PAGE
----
From The Good Wife to Breaking Bad, here’s what kept us glued to our TVs — and other assorted viewing devices — in 2013
SOME things are simply not open to discussion. Oh, sure the endless stream of top-10 lists and “Best of” compilations and “The year in (insert topic here)” reviews are intended as conversation starters, as shorthand distillations of opinion that invite readers to compare their preferences to those of the “experts” whose various subject areas are being addressed. And what follows here, focused on the TV realm, is another such list, but this time with a bit of a twist: this time, No. 1 on the list is not debatable. You can try to argue, but you’d be wrong. No. 1 is numero uno, plain and simple. After that, we’ll throw it open to free-for-all bickering and arguing about what belongs and what doesn’t. Here’s our list of what was good, bad, weird, new and otherwise noteworthy on TV in 2013: Breaking Bad The betting here is that you won’t find many (any?) year-end TV lists that don’t name this AMC drama’s amazing eight-episode stretch run as the best television of 2013. Grim, violent, starkly revealing and inspiringly dark, the final set of Breaking Bad instalments brought the story of teacher-turned-meth dealer Walter White to a perfect, just end. Bryan Cranston’s work interpreting series creator Vince Gilligan’s genius will stand forever as one of the medium’s finest performances. And after that, also memorable in 2013, in no particular order ... Last Tango in Halifax This unassuming Brit-import drama arrived on PBS with little fanfare and turned out to be one of the TV year’s real treasures. Derek Jacobi and Anne Reid star as widowed 70-somethings who were once teenage sweethearts and might have fallen deeply in love if fate (and a meddlesome, jealous friend) hadn’t intervened. Now, 60 years later, they’re given a second chance at first love and are far too wise to let it slip away. Lovely, unique and charming. The Netflix explosion The online content provider’s aggressive move into original programming forced everyone in the TV business to reconsider just what “television” means. The presences of such titles as House of Cards, Arrested Development and Orange Is the New Black — which were distributed online and never aired on conventional broadcast or cable TV — on various mainstream TV awards-show nominee lists signals a major shift in what the television business is and will be in the future. “TV” no longer refers just to that thing you watch; “TV” means programming content, on whichever platform delivers it.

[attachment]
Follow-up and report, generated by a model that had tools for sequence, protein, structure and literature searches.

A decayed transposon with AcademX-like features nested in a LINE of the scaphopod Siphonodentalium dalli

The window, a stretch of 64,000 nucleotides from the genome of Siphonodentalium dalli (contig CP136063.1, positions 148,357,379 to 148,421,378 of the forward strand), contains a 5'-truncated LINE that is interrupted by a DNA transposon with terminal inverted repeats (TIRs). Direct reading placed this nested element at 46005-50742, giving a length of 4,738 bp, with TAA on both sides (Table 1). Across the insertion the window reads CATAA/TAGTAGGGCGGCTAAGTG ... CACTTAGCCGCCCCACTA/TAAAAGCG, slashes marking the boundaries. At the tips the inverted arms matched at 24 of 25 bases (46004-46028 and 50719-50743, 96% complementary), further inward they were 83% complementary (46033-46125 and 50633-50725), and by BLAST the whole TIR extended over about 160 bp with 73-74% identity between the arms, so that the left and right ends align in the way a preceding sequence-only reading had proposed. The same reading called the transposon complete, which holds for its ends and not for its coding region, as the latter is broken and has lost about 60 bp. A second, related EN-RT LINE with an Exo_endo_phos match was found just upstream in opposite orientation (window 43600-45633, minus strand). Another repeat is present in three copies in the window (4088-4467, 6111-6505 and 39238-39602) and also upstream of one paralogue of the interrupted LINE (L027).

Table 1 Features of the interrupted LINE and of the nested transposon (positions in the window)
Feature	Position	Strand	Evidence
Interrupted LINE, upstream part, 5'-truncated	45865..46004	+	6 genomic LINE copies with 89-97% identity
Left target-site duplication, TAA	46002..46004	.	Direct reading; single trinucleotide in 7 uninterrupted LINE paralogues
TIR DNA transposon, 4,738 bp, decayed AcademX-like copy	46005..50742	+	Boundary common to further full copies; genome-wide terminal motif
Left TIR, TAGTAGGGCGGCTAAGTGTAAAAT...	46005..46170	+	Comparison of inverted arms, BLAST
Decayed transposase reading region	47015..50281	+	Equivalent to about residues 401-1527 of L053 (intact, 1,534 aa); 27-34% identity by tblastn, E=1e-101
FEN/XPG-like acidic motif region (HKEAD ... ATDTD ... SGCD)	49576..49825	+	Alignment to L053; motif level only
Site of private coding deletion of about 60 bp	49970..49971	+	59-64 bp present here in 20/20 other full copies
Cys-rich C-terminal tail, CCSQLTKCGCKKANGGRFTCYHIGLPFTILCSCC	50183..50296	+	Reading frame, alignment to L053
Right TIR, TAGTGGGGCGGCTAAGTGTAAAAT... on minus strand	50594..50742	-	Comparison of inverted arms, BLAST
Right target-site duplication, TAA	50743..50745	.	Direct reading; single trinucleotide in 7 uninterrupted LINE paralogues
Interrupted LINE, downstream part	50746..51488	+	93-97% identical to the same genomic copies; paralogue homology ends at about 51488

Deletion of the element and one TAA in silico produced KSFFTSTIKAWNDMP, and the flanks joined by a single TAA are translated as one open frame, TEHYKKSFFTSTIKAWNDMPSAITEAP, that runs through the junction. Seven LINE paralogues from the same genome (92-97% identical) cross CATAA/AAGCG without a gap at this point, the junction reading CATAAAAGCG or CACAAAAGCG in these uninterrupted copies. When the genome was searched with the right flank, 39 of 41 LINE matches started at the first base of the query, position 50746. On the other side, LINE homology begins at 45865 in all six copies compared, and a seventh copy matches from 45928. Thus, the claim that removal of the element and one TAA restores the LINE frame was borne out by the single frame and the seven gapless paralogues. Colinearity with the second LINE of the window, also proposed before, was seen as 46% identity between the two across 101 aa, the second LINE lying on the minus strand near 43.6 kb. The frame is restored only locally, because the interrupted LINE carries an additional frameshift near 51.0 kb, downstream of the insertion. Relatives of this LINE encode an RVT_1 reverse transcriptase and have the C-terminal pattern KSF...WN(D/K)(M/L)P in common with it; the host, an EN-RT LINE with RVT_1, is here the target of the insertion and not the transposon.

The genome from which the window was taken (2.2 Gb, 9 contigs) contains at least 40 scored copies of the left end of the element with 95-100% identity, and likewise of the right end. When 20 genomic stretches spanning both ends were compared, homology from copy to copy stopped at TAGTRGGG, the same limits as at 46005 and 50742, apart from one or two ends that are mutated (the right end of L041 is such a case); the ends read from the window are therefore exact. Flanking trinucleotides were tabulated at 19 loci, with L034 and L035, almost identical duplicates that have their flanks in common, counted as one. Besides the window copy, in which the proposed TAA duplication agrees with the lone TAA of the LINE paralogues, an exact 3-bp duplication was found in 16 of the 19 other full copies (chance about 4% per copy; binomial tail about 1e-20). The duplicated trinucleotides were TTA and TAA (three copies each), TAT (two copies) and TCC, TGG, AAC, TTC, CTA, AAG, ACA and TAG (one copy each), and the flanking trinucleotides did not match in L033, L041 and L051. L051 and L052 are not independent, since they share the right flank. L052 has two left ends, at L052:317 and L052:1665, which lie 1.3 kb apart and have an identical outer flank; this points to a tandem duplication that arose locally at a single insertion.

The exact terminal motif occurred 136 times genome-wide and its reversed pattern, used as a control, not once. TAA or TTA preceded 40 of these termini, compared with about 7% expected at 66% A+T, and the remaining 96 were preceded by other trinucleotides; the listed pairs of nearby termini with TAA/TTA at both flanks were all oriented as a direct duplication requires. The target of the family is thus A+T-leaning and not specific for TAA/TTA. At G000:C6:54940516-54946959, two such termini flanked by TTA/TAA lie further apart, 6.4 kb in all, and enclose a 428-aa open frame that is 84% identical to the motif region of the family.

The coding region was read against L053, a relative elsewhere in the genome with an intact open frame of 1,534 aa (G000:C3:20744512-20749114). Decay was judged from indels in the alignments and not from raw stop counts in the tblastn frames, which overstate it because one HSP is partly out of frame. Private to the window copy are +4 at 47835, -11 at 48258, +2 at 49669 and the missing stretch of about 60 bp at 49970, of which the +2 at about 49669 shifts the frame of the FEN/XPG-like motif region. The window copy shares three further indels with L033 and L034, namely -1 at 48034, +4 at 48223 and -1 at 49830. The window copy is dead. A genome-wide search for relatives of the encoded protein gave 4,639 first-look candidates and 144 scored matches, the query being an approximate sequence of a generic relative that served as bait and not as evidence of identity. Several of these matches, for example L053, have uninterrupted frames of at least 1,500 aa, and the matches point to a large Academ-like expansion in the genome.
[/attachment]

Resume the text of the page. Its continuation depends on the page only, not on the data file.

Bryan Cranston’s work in the final season of Breaking Bad will stand forever among TV’s finest
Anne Reid, left, and Derek Jacobi